For Northerners looking to attend post-secondary education, a lack of funding and a lack of cultural and educational preparation continue to be the main barriers to success, according to a new federal report.

On March 31, the federal Task Force on Northern Post-Secondary Education released its final report.

The document concludes that prospective students in the North continue to face financial, geographic, academic, cultural, and other barriers to achieving a post-secondary education.

In a statement on the report, Northern Affairs Minister Dan Vandal acknowledged the educational inequities that exist in Canada.

“Every Canadian should have access to quality education and skills training no matter where they live,” Vandal said. “Northern residents, especially Indigenous peoples, have faced longstanding inequities in education and skills training for too long.”

Although there were individual reports for each of Canada’s Northern regions, the report found several general themes with regards to barriers that affect students from all regions of the North: these include a lack of proper academic preparation; inadequate internet access; cultural barriers; and the legacy of Canada’s residential school system.

Included in the report was a survey of more than 600 Northerners of various levels of education on the barriers they felt were most significant to pursuing a post-secondary education. Among the 68 respondents who were in high school or adult education at the time of the survey, more than 32 per cent said they were held back by a lack of courses that fit their interests, 26 per cent cited lack of opportunities in their own community and 26 per cent said they lacked adequate financial support.

When 274 current post-secondary students or graduates were asked what could have improved their experiences, their answers were similar: half said their experience would have been improved by more funding; 37 per cent said they would have liked better preparation for college or university life; 28 per cent said better academic preparation; and 27 per cent said they would have preferred services closer to home.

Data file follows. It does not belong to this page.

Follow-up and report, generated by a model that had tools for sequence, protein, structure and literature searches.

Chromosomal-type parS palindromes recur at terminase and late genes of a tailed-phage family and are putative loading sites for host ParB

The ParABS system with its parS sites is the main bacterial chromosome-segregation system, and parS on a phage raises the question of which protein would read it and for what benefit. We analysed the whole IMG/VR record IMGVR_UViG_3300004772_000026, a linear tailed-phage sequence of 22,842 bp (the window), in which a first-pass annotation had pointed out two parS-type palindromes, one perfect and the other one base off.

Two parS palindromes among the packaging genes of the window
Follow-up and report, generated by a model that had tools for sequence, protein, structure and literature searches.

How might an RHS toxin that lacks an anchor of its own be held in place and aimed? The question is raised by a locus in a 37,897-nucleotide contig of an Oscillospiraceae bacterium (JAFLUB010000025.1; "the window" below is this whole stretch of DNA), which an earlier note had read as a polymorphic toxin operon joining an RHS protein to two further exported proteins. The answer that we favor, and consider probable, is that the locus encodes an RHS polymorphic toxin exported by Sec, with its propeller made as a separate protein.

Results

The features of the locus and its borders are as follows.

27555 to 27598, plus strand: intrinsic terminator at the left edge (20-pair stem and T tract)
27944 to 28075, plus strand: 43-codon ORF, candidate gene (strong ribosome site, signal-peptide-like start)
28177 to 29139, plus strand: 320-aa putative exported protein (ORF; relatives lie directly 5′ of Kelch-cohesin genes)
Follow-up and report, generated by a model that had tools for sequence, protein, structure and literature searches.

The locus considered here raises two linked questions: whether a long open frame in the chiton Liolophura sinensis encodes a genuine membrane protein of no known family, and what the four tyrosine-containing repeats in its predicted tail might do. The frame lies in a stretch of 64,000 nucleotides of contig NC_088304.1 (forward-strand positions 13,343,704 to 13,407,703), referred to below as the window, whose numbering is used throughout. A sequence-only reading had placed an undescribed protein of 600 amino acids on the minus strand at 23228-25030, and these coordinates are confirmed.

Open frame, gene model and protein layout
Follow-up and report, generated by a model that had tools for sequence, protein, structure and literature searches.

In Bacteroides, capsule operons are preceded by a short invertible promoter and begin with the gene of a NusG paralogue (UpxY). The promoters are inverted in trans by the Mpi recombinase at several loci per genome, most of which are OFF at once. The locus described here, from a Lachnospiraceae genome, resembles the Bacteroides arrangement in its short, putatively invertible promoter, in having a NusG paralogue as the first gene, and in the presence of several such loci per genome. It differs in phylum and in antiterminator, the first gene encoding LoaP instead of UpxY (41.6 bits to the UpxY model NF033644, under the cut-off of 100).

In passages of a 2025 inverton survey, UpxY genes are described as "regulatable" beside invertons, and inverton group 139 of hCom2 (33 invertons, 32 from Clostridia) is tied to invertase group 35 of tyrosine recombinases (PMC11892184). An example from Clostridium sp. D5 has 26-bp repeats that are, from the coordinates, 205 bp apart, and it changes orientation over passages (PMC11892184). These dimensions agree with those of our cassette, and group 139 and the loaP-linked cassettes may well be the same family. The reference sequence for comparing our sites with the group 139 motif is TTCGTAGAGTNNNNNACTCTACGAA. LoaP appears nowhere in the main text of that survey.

Family commitments are also a significant barrier for Northern students: of the 68 surveyed students who had dropped out of post-secondary education, 36 per cent said they couldn’t keep up with both course work and family responsibilities.

Some barriers appear to be oversights resulting from the NWT’s curriculum being adopted from the south: One survey participant — an educator — described how there is always a drop in attendance around hunting season.

“These influences, I don’t think they’re accounted for because we teach the Alberta curriculum,” the participant said.

The report includes several action items for improving education across the North: those marked as most urgent for the Northwest Territories to implement include increasing incentives for educators to come to and stay in the territory; creating and funding programs that are relevant to the cultural context of the NWT; and providing more funding to improve access to remote learning options.

“Place-based, Northern-focused, and Indigenous-led post-secondary education opportunities, in the North, by the North and for the North will help contribute to thriving, flourishing individuals and communities, and create more just and equitable opportunities for the diverse peoples of the North to pursue post-secondary studies,” the report concludes.

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